To paraphrase the old Byrds song, to everything, there is a season. Shorter days and cooler nights mean it’s time to take some steps around the house, and within your family, to keep yourself and your loved ones safe during the transition to winter.

Here are ten smart moves to make now according to the safety experts at UL.

Check around the furnace before turning on the heat for the first time. Make sure there’s nothing near it that’s flammable. It’s also a good idea to have your furnace inspected before winter sets in. (If for some reason you can’t, take a look at it yourself. Make sure the flame is blue, not yellow or orange. Check the pipe from the furnace to the chimney to be sure it doesn’t have rust spots and isn’t disconnected at either end.) If you have radiators, remove anything that’s sitting on top of them before the heat comes on.

Dress kids in light-colored clothing to help drivers see them on their way home from after-school activities. On Halloween, make sure your kids can be seen. Give them a flashlight and glowstick, and if their costume is dark, add some reflective stickers or tape.

Change batteries when you “fall back.” Smoke alarms most often fail to sound an alarm because of missing, dead or disconnected batteries. Replace the batteries twice a year when you change the clocks (or whenever the alarm “chirps,” indicating the battery is getting low). Also change the batteries in your CO detectors.

Practice your family fire escape plan before the weather gets too cold. Every family should have one, but just one in three American households do, according to the National Fire Protection Association. Having the plan is important, but it’s just as critical to practice it by conducting a home fire drill at least twice a year. Frightened kids may be tempted to hide under the bed or in a closet during a fire unless you teach them exactly how to escape.

Use space heaters safely. Remember to keep combustibles “three feet from the heat” or “a meter from the heater.” If you’re using a fuel-powered heater, open a door or window slightly to allow fresh air to circulate. Remember to turn off your heater if you leave the house and before you go to bed.

Buy your winter storm supplies now. The Old Farmer’s Almanac predicts above-normal amounts of snow and below-normal temps across much of the United States this winter. Buy a good supply of ice melting compound now. If you’ll need your driveway plowed, book a snow plow contractor now. Don’t wait until the snow starts.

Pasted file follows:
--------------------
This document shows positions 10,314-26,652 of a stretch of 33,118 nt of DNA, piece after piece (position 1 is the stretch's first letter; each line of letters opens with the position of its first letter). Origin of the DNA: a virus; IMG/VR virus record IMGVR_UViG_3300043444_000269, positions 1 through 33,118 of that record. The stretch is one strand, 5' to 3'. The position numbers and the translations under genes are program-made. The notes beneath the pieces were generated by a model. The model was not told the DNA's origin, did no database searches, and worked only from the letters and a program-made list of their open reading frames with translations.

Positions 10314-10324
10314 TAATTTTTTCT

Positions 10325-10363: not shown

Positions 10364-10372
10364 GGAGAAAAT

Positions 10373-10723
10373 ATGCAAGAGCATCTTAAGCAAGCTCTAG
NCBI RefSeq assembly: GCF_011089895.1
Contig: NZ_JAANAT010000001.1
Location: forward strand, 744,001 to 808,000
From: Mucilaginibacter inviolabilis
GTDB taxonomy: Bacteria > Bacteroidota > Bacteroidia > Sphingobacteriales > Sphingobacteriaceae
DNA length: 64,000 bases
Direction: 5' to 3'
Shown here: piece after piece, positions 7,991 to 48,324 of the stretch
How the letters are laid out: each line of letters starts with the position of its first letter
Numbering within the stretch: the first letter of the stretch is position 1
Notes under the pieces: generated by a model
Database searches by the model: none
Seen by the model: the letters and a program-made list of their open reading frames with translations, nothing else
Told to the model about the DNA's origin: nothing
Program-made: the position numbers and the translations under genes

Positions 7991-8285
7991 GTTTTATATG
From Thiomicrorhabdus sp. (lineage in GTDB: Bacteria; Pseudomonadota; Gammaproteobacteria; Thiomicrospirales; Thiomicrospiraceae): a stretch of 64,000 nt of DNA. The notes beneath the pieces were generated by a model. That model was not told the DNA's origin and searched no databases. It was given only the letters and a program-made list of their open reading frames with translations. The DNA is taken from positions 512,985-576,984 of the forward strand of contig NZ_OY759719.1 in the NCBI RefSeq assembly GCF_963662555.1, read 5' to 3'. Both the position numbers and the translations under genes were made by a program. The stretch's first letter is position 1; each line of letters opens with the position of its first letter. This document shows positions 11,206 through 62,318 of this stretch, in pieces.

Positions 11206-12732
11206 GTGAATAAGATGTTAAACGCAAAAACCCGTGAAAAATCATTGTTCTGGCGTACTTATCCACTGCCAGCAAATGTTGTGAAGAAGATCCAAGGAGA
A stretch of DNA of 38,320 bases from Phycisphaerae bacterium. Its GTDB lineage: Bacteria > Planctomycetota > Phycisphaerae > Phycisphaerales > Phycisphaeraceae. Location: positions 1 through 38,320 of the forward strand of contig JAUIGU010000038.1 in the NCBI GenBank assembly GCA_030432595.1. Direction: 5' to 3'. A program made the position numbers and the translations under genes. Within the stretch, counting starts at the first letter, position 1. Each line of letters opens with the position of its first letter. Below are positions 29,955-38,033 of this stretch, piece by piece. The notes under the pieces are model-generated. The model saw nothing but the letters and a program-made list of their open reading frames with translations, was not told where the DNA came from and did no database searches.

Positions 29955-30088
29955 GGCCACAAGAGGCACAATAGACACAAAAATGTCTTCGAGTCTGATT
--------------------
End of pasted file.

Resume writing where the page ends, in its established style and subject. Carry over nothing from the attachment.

Add outdoor lighting to dark places. These lights serve a dual purpose: discouraging intruders and protecting against falls. Motion sensor lights are most important around doors and near steps.

Clean leaves out of your gutters every week in the fall. When you do, make sure you’re using the right ladder for the job and using it properly. More than 90,000 people get emergency room treatment for ladder-related injuries every year. If the gutters are hard to reach, install a leaf guard to keep most of the leaves out.

Have your chimney inspected before the weather tempts you to use your fireplace. If you use your fireplace every year, you should have the chimney cleaned every year to prevent a chimney fire. If your chimney needs repair, don’t try to do it yourself; this is a job for a professional.

Get your car ready winter. Stock the trunk with a blanket, hat and gloves, a bag of salt, sand or non-clumping kitty litter for traction, plus extra windshield fluid and of course, an ice scraper and shovel. Throw in a brightly colored cloth to tie to your antenna in case you get stuck. Also toss in a few snacks, like granola bars and unsalted canned nuts, as well as bottled water (dump some of the water so the bottles are only two-thirds full in case they freeze). Have all fluid levels checked. Finally, make sure your tires are ready for bad weather.

Marianne has been producing content that informs and inspires for more than 20 years, with a deep focus on bringing readers accurate, actionable advice and helping them live healthier, safer lives. Before launching SafeBee, she was executive editor of Sharecare, the health website and social network. Previously, she developed more than two dozen illustrated consumer health books for Reader’s Digest. Her writing has appeared in numerous outlets including Arthritis Today and WebMD. Her favorite safety tip: Know the purpose of every medication you take and under what circumstances you can stop taking it.